Notes from the Nationals clubhouse

VIERA, Fla. - Count Rick Ankiel among the few people happy that Nationals general manager Mike Rizzo is still searching for a center fielder who can hit leadoff. If Rizzo had found elusive quarry this offseason, Ankiel might still be searching for a job.

Two weeks ago, Ankiel inked a minor league deal with the Nationals, getting a spring training invitation that’s more formality than anything. Barring a collapse of epic proportions, Ankiel will be on the opening day roster at Chicago’s Wrigley Field, Ankiel will be either the starting center fielder or a fourth outfielder on manager Davey Johnson’s improved bench.

“As things go, you pay attention. Obviously, toward the end (of the offseason), you have to make the best decision, but I’m happy I’m back,” Ankiel said. “I’m ready to do work.”

The Mets reportedly had interest in Ankiel, but the veteran opted for familiarity and a better opportunity. He hit .239 with nine homers, 37 RBIs and 10 stolen bases for the Nationals in 2011, and was the team’s opening day center fielder after Nyjer Morgan was traded to the Brewers late in spring training.

Respectful switch: Why did shortstop Ian Desmond switch his jersey number from No. 6 to No. 20? In part because he finally feels like he’s an established major leaguer, and in part because he wanted to pay homage to former Nationals manager Frank Robinson and ex-Detroit Lions running back Barry Sanders, one of his favorite all-time football players.

“I never picked No. 6 when I came into the big leagues. I waited until I had my feet planted here until I made a change,” Desmond said. “I feel comfortable enough in the organization. ... With Frank being my first manager, it definitely had something to do with it. Barry Sanders is somebody I respected as a kid growing up. I just like the way they both went about their business and figured there was nobody better to idolize.”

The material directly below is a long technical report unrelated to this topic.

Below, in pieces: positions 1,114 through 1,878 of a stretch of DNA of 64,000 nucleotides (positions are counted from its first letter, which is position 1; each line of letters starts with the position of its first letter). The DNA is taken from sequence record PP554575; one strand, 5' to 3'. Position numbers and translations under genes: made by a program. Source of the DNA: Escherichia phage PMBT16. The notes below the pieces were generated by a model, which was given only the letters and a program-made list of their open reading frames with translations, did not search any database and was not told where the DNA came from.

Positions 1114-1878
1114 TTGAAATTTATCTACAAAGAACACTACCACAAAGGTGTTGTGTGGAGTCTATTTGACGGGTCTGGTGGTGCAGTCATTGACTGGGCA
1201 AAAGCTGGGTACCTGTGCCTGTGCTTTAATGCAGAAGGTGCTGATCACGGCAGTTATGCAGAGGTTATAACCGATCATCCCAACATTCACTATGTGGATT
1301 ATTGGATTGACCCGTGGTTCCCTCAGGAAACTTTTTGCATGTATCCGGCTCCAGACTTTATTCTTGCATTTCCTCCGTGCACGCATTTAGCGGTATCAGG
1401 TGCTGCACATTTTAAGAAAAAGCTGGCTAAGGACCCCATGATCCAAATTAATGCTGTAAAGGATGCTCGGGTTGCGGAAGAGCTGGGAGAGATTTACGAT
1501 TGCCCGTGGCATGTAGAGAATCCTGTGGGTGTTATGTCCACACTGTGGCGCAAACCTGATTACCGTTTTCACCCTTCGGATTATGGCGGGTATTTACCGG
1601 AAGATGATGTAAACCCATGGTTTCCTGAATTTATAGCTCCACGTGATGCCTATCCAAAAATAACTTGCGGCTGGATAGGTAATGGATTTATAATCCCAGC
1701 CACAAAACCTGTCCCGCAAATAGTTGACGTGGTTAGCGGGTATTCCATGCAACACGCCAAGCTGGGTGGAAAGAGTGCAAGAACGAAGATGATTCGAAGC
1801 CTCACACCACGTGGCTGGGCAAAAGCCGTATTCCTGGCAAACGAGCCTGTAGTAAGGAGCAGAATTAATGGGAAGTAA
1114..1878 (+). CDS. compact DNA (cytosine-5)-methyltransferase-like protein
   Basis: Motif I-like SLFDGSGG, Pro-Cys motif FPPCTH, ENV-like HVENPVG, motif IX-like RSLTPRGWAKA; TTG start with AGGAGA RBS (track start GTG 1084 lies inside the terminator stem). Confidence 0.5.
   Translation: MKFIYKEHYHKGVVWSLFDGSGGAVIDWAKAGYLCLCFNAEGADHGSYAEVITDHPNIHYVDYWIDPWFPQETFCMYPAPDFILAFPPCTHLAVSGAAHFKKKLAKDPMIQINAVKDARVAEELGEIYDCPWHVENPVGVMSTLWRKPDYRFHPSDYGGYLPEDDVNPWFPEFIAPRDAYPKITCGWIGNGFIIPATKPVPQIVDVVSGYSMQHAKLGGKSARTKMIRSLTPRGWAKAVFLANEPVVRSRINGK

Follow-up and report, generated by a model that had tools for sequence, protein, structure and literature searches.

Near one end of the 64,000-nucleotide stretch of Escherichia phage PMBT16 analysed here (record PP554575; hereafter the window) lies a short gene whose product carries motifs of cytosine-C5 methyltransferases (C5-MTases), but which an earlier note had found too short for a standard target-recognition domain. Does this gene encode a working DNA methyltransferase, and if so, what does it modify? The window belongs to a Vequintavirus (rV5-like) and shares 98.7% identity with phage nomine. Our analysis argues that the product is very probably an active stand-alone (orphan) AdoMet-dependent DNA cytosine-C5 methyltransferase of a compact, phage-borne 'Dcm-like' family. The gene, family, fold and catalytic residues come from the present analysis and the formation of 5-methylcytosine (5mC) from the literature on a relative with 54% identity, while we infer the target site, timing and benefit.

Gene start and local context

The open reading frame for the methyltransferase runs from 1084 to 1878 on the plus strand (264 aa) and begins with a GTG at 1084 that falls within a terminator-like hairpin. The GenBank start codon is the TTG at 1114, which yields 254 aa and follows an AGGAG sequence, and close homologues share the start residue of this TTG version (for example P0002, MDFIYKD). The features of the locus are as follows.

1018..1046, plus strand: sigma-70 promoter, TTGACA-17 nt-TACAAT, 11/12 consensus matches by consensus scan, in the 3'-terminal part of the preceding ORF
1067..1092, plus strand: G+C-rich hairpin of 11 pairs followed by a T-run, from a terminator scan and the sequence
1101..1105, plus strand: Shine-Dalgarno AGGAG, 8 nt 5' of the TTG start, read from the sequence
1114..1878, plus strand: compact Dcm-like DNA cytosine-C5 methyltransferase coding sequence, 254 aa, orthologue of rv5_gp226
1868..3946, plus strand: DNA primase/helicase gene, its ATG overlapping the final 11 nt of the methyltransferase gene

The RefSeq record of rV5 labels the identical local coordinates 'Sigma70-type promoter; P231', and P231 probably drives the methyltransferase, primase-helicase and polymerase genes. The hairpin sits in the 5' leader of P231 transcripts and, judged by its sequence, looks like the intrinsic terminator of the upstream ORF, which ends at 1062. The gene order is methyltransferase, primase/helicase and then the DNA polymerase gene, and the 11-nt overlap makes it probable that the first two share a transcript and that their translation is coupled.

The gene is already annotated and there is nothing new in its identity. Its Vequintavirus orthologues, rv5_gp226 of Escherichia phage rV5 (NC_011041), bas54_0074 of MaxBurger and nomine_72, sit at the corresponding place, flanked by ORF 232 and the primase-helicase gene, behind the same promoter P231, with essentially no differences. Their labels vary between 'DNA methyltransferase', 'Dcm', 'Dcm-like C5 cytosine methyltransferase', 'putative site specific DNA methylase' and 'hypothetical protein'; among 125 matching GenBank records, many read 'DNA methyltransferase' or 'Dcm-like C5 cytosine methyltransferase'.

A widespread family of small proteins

Count Desmond among those who would like to see the Nationals formally recognize Robinson, who skippered the team in 2005 and 2006, its first two seasons in D.C. after moving from Montreal. Robinson’s 81-81 club in 2005 is the only Nationals team not to finish below .500.

“It would be nice. I think they should honor him a little bit,” Desmond said. “He was the first manager as a National and that kind of means something. My personal opinion is that they don’t do enough to pay a little bit of respect to the Expos. ... I came up as an Expo, I’m still a National and I’m one of the longest-tenured guys in the organization. It did kind of carry over from the Expos to the Nationals. I’m living proof.”

The longest-tenured member of the organization is outfielder Roger Bernadina, who was signed as a non-drafted free agent in November 2001. Desmond was a third-round pick in 2004, making him the longest-serving drafted player. The other players with roots in the Expos organization are left-hander Atahualpa Severino, a non-drafted free agent signed in February 2004, and minor league shortstop Seth Bynum, who was signed as a non-drafted free agent in May 2004.

Early arrivals: Add Ankiel and outfielder Corey Brown to the list of position players who have reported to camp early, bringing the number to 11. Hitting coach Rick Eckstein has been pleased with the turnout, and said he was asked to be available for 9 a.m. sessions Sunday by hitters wanting to get a jump on work in the cage.

Who’s that guy?: Every camp has one guy who’s kind of unknown, and that distinction this year belongs to right-handed pitcher Austin Bibens-Dirkx, a non-roster invitee with a name so long that it stretches from shoulder to shoulder on his jersey. He’s also believed to be the first player in team history with a hyphenated last name.

The 26-year-old right-hander spent the last thee seasons in the Cubs organization, where he was 6-7 with a 5.94 ERA in 29 games (22 starts) between Double-A Tennessee and Triple-A Iowa last year. He was a 16th-round pick by the Mariners in the 2006 draft and has a career 31-22 record and 4.29 ERA in six minor league seasons.

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